May 6, 2006
Trolls, Toads & Rats
Some weekend rambling about patent trolls, toads and rats, beginning with patent troll James Fergason, aiming to help other patent trolls. Way to go James.
Fergason has over 35 patents related to LCD displays. Upon receiving the annual $500,000 MIT-Lemelson prize this week, Fergason announced that he would donate the money to help individual inventors from being steamrolled by large corporate patent infringers. According to Fergason: "I think that what they (large companies) want to do is get something for nothing. In most cases, the defendant has a lot of opportunities to prove they aren't infringing."
Large high-tech corporate patent infringers turn into crybabies, often pouting before Congress, painting themselves as victims of the patent system, because individual inventors and small patent-owning companies try to make them take licenses for infringing their patents. The crybabies don't bother to mention their regular cross-license patent deals, or knock-down-drag-out fights between corporate competitors, as something to be concerned about. And because of the noise the corporations make, the mainstream press, which are corporate toads, and always hungry for drama, pile in, making the same noises, wailing for patent reform. Congress, itself a humongous corporate toad, listens sympathetically, and makes its own noises, but thankfully does nothing.
Meanwhile, it's given Patent Commissioner John Doll a nervous tic, causing him to spew silly proposals to jerk around patent prosecutors, ignoring the real problem with the patent office, which is competent but poorly paid patent examiners leaving willy-nilly like rats on a sinking ship. More than anything, turnover is killing patent quality.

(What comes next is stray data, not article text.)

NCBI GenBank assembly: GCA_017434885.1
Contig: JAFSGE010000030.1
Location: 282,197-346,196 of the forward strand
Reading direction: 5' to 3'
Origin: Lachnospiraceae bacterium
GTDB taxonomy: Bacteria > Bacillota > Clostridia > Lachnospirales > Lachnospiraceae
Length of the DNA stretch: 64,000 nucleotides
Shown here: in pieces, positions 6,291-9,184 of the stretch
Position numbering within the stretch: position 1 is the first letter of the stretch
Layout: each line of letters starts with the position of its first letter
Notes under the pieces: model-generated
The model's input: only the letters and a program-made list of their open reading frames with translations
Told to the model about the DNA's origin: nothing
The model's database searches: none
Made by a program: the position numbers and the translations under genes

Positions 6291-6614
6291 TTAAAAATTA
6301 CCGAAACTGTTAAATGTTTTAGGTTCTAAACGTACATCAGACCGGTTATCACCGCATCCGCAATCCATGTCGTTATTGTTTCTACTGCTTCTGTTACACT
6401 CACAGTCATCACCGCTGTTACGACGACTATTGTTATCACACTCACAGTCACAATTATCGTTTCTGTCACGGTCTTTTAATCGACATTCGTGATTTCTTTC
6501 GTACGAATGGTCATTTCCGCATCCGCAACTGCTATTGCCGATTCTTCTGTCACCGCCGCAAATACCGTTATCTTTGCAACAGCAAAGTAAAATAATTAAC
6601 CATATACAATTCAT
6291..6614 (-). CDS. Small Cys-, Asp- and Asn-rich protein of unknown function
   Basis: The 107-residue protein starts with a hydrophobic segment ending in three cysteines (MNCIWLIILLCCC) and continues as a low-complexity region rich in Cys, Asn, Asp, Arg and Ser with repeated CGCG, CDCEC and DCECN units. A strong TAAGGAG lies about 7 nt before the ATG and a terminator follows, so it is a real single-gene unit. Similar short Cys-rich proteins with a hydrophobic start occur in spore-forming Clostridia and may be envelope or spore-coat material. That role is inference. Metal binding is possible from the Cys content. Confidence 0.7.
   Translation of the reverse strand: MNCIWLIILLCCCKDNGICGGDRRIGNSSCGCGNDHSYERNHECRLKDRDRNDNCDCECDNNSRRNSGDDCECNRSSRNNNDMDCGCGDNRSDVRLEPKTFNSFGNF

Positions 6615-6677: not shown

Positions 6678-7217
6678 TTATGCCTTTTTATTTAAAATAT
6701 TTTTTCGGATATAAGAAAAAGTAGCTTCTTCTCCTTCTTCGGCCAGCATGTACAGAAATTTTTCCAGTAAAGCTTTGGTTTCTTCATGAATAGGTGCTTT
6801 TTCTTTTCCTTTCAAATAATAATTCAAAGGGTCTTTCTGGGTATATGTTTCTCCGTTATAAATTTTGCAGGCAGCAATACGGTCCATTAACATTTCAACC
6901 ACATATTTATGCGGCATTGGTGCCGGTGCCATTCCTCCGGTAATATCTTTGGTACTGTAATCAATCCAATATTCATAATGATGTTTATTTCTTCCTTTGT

As an anonymous patent examiner wrote in a comment in The Patent Prospector a couple of weeks ago:
The current problem which the PTO fails to ever address is the massive attrition here. Hiring new inexperienced examiners which may bail soon after they start, rather than holding onto experienced staff. Instead of better working conditions, the logic is to squeeze more productivity and hours from the existing staff, thereby leading to attrition. Now they're trying to stem the tide by hoisting patent reform on the outside and bringing in herds of newbies, although few will stick around after training.
Case in point, most of my art unit, myself included, will be jumping ship by the end of the year to law firms or defense contractors. Why work 55 hour weeks for the government at $60K when the private sector pays for that kind of production commitment.
Posted by Patent Hawk at May 6, 2006 12:12 AM | The Patent System
While I agree with the bulk of your comments I am a bit put out over the characterization of James Fergason as a troll. Inventors only morph into so called "patent trolls" after they have been abused by Patent Pirates. No inventor likes litigation but Patent Pirates leave us with no choice because they lie, cheat, and steal at every turn. And now we have found that a coalition of eight to twelve Patent Pirates has compounded that sin by banding together with each contributing a quarter of a million dollars funding a massive disinformation campaign designed to paint their victims as the bad parties. PIAUSA.org has received credible information that Intel, Micron, Dell, RIM (Blackberry), and others are behind this disinformation campaign. The fact that most inventors who produce inventions of value are brutalized and raped by Patent Pirates is a disgrace and it is most certainly detrimental to America's collective economic well being.
Ronald J Riley, President -
Professional Inventors Alliance -
RJR (at) PIAUSA.org -
Change "at" to @ -
RJR Direct # (202) 318-1595
Posted by: Ronald J Riley at May 14, 2006 10:08 AM
Dear Mr. Riley:
If taking the term "patent troll" as the pejorative it is commonly used as, you should be put out. I meant attributing James Fergason as a patent troll affectionately. Anyone who has read The Patent Prospector for a while knows that I am fully supportive of inventors rights. My apology for not being clearer in my waggish use of patent troll.